In 1985, women in gorilla masks gathered at New York’s Museum of Modern Art to protest its lack of female artists. Known as the Guerrilla Girls, the group continues to raise awareness about inequality in the art world. Thirty years later, their spirit has ignited some women in Japan to action.
Donning pink rabbit masks and adopting the names of women and sexual minorities who fought for their own rights after World War II (from the creative world and beyond) as their aliases, Ashita Shojo Tai (Tomorrow Girls Troop) employs Guerrilla Girls’ methods to tackle gender inequality in Japan. Established in 2015, the “fourth wave feminist social art collective” aims to promote a society in which everyone can express themselves freely.
“When I went to graduate school in New York to study art, I was surprised to find that feminist art was so established as a field that you couldn’t participate in any art discussion unless you understood feminism,” Midori Ozaki (named after the novelist who lived from 1896 to 1971), the founder of the group tells me. “In Japan, unless you major in gender studies at university, you never have an opportunity to study feminism.”
While feminist art and music collectives led by younger generations have become increasingly visible in Western countries, that hasn’t been the case in Japan. So why has it been difficult for feminism to reach younger generations here?
“I think it’s because there’s no foundation for young feminists to develop,” Ozaki says. “Along with education, the Japanese media hardly writes about feminism. I’ve been told that most people in Japan become feminists in their 30s or older, after they’ve had children and realized there are assigned gender roles and policies that are disadvantageous to women. Japanese mothers take on so many burdens that they don’t have enough free time, and I think that may be a reason why feminism hasn’t become a larger movement.”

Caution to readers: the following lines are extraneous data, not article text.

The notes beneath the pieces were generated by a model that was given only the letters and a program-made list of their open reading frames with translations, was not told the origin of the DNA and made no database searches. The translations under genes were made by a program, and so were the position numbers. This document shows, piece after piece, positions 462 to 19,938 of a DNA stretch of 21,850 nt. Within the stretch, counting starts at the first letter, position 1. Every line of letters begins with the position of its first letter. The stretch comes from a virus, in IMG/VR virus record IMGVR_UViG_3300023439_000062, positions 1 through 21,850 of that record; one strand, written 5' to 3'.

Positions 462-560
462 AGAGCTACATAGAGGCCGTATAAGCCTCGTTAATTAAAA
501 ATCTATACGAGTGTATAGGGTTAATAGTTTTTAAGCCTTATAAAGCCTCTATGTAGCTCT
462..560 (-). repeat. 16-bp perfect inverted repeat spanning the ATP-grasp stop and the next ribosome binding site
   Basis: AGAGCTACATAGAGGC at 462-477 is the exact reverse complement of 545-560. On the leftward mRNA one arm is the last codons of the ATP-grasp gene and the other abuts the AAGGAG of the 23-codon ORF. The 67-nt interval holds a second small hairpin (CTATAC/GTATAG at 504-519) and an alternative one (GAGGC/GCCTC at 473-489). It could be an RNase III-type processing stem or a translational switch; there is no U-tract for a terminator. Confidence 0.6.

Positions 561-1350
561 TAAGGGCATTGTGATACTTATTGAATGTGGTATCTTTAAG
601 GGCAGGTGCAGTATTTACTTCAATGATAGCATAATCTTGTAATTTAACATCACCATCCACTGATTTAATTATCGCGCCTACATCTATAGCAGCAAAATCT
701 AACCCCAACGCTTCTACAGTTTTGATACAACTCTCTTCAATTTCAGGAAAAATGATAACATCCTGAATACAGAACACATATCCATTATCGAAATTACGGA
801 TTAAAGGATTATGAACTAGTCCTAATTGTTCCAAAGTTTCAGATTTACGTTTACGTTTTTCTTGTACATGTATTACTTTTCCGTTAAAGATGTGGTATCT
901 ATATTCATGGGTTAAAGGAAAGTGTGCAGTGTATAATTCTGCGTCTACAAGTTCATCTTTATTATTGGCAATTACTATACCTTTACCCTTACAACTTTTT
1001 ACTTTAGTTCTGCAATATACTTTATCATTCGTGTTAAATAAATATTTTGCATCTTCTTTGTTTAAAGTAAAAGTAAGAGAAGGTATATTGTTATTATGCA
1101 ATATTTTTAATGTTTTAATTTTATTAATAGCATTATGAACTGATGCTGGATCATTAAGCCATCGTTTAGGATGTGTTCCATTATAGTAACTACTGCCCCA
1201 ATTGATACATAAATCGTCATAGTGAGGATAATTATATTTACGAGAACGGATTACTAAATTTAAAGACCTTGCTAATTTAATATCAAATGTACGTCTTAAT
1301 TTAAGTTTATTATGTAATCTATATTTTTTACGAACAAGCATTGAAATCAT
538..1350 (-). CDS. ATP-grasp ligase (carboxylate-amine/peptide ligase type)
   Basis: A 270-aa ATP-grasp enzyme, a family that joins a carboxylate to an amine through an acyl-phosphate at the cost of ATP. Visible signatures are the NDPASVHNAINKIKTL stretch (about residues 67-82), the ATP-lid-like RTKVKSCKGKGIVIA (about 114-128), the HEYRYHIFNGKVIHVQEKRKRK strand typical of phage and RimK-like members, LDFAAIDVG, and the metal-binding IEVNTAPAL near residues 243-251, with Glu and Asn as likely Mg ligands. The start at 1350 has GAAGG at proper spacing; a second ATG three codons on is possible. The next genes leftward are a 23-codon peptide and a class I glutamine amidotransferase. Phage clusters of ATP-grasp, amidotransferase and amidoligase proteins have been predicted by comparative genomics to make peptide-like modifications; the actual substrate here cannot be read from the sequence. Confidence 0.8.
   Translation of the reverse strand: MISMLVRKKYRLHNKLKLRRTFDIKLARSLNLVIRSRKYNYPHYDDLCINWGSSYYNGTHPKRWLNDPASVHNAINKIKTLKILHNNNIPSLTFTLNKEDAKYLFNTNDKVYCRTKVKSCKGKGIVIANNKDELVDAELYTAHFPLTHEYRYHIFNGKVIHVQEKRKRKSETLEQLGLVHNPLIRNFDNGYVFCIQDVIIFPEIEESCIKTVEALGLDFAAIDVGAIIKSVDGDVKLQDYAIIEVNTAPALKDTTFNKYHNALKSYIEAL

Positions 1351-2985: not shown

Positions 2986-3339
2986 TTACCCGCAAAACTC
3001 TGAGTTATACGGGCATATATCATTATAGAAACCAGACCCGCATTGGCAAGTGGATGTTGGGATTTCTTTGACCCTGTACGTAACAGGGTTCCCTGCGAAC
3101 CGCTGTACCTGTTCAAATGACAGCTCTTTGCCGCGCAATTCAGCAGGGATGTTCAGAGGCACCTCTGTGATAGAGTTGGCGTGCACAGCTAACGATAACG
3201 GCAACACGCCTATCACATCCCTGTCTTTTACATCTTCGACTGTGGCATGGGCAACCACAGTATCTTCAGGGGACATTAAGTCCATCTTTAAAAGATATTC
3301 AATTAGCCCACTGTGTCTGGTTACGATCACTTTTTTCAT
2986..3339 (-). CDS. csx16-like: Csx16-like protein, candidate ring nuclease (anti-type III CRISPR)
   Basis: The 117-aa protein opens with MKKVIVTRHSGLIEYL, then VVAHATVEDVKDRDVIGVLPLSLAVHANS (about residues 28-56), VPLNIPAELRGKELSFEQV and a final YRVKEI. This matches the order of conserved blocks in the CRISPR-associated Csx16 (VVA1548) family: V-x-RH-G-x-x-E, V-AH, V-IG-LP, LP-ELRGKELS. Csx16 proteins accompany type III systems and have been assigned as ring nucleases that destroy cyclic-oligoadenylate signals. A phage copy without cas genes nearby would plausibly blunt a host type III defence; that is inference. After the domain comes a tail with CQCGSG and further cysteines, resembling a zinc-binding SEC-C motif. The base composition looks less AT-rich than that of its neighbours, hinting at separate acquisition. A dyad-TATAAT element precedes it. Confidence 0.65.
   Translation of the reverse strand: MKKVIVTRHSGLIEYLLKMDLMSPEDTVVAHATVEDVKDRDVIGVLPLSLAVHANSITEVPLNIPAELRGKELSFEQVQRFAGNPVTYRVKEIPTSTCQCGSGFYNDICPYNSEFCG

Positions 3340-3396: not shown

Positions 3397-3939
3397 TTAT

The most recent project Tomorrow Girls Troop has released is the Kojien Project, an open letter addressing the reputable dictionary’s definition of feminist and feminism, along with a video.
The Kojien’s definition of feminist currently reads: “1) An advocate for women’s liberation. An advocate for the expansion of women’s rights. 2) Colloquially, a man who is soft on women.”
In the open letter, Tomorrow Girls Troop requests that the dictionary include the word “byōdō” (equality).
“The first definition can be easily interpreted as women wanting more rights than men, and many people quote this definition to prove that feminism is an ideology that aims to put women above men,” Ozaki says. As for the second definition, she says it should be deleted or it should be amended to “clarify that this is an incorrect use of the word.”
For more information, visit tomorrowgirlstroop.com.
In a time of both misinformation and too much information, quality journalism is more crucial than ever.
By subscribing, you can help us get the story right.